Some cave fish have evolved in unusual ways to better fit their specific habitats. The cave angel fish lives in a single large cave system in Thailand, in fast-moving water. It’s about an inch long, or not quite 3 cm, and gets its name from its four broad fins, which look feathery like angel wings.

It was discovered in 1985 but it wasn’t until 2016 that researchers verified a persistent rumor about the fish, which is that it can WALK on its fins. It has a robust pelvis and vertebral column, and strong fin muscles that allow it to climb rocks to navigate waterfalls.

Other fish navigate waterfalls and other obstacles by squirming and wriggling, using their fins to push them along. But the cave angel fish walks like a salamander. Scientists are studying the way it walks to learn more about how the ancestors of four-legged animals evolved.

The largest cave dwelling animal is the blind cave eel, which grows up to 16 inches long, or 40 cm, although it’s very slender. Since it appears pink due to a lack of pigment in its skin and it has no eyes or fins, it looks a lot like a really long worm. But it’s actually a fish. Not much is known about it, but it’s widespread throughout western Australia and is sometimes found in wells. It lives in caves or underground waterways that are connected to the ocean.

The first insect that was recognized as living only in caves is a beetle called Leptodirus hochenwartii. It was discovered in 1831 deep in a cave in Slovenia, and researchers of the time found it so intriguing that they invented a whole new discipline to study it and other cave animals, known as biospeleology.

Leptodirus has some interesting adaptations to cave living. It has no wings and no eyes, its antennae and legs are long, but the real surprise is its body. Its head is small and the thorax, the middle section of an insect, is slender. But the abdomen is relatively large and round, and the insect uses it to store moist air. Caves tend to be humid environments and Leptodirus has evolved to need plenty of moisture in the air it breathes. But some parts of a cave can be dry, so not only does Leptodirus keep a supply of breathable air in its abdomen, its antennae can sense humidity levels with a receptor called the Hamann organ.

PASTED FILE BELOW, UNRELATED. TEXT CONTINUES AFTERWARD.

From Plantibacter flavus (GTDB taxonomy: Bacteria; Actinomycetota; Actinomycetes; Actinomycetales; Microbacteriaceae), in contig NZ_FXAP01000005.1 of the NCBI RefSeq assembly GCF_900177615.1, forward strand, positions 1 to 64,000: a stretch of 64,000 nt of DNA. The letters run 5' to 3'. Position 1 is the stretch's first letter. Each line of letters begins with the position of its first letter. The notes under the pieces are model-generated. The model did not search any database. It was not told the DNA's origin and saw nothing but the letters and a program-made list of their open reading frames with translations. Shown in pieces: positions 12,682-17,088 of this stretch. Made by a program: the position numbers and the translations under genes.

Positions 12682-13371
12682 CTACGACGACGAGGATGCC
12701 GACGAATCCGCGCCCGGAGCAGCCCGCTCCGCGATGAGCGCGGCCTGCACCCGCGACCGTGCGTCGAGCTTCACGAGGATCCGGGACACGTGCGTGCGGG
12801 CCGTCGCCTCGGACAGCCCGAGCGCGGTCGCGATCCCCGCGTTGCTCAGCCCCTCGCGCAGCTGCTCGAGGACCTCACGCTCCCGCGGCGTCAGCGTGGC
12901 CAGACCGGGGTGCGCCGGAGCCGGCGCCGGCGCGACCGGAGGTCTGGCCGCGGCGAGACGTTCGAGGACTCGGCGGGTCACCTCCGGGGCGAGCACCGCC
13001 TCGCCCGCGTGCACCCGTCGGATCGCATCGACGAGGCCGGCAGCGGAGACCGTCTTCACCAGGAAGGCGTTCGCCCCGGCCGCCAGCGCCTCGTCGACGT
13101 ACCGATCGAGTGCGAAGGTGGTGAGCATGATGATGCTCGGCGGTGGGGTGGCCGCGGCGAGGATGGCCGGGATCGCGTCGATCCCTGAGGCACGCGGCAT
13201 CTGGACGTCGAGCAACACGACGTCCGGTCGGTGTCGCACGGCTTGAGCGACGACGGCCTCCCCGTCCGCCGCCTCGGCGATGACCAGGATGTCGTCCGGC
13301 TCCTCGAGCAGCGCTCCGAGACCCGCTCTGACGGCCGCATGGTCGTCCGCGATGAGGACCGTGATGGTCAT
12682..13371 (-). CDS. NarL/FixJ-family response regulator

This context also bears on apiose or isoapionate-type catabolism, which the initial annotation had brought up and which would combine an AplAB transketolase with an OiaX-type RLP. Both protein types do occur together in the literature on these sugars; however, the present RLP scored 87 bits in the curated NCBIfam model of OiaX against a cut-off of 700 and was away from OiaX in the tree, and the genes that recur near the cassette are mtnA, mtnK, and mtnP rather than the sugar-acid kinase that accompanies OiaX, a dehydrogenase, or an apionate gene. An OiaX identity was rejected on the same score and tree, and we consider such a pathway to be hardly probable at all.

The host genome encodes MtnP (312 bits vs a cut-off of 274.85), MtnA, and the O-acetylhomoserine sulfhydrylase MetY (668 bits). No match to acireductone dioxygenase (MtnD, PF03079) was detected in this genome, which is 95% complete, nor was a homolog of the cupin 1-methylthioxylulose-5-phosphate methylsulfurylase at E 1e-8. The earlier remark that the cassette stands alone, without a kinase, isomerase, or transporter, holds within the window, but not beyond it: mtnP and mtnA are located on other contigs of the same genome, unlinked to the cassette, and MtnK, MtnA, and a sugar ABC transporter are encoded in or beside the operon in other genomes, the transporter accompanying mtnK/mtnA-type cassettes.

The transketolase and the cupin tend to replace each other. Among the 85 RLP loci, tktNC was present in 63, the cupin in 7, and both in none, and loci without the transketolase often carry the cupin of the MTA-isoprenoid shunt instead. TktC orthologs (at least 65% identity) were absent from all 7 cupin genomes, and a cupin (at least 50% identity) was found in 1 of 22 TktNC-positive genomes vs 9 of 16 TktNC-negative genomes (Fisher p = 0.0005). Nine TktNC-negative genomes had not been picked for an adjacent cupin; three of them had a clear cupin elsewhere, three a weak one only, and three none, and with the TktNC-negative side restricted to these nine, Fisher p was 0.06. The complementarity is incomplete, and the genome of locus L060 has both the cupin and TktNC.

Some spiders live in caves and like other cave dwellers, they’ve evolved to look strange compared to ordinary spiders. The cave robber spider was only discovered in 2010 in a few caves in Oregon. Researchers suspect there are more species of cave robber spider in other cave systems that haven’t been explored yet by scientists.

The cave robber spider is so different from other spiders that it’s been placed in its own family, Trogloraptoridae, which means cave robber. It has hook-like claws on the ends of its legs which it probably uses to capture prey. It spins small, simple webs on the roofs of caves and researchers think it probably hangs upside down from its web and grabs its prey as it passes by. But since no one knows what the cave robber spider eats, it’s anyone’s guess. Researchers have even tried raising the spider in captivity to learn more about it, but it wouldn’t eat any of the insects or other small invertebrates it was offered as food. It starved to death without ever eating anything, so it’s possible it only eats specific prey. It’s a yellowish-brown spider with two rows of teeth, called serrula in spiders, which researchers say is unique among spiders.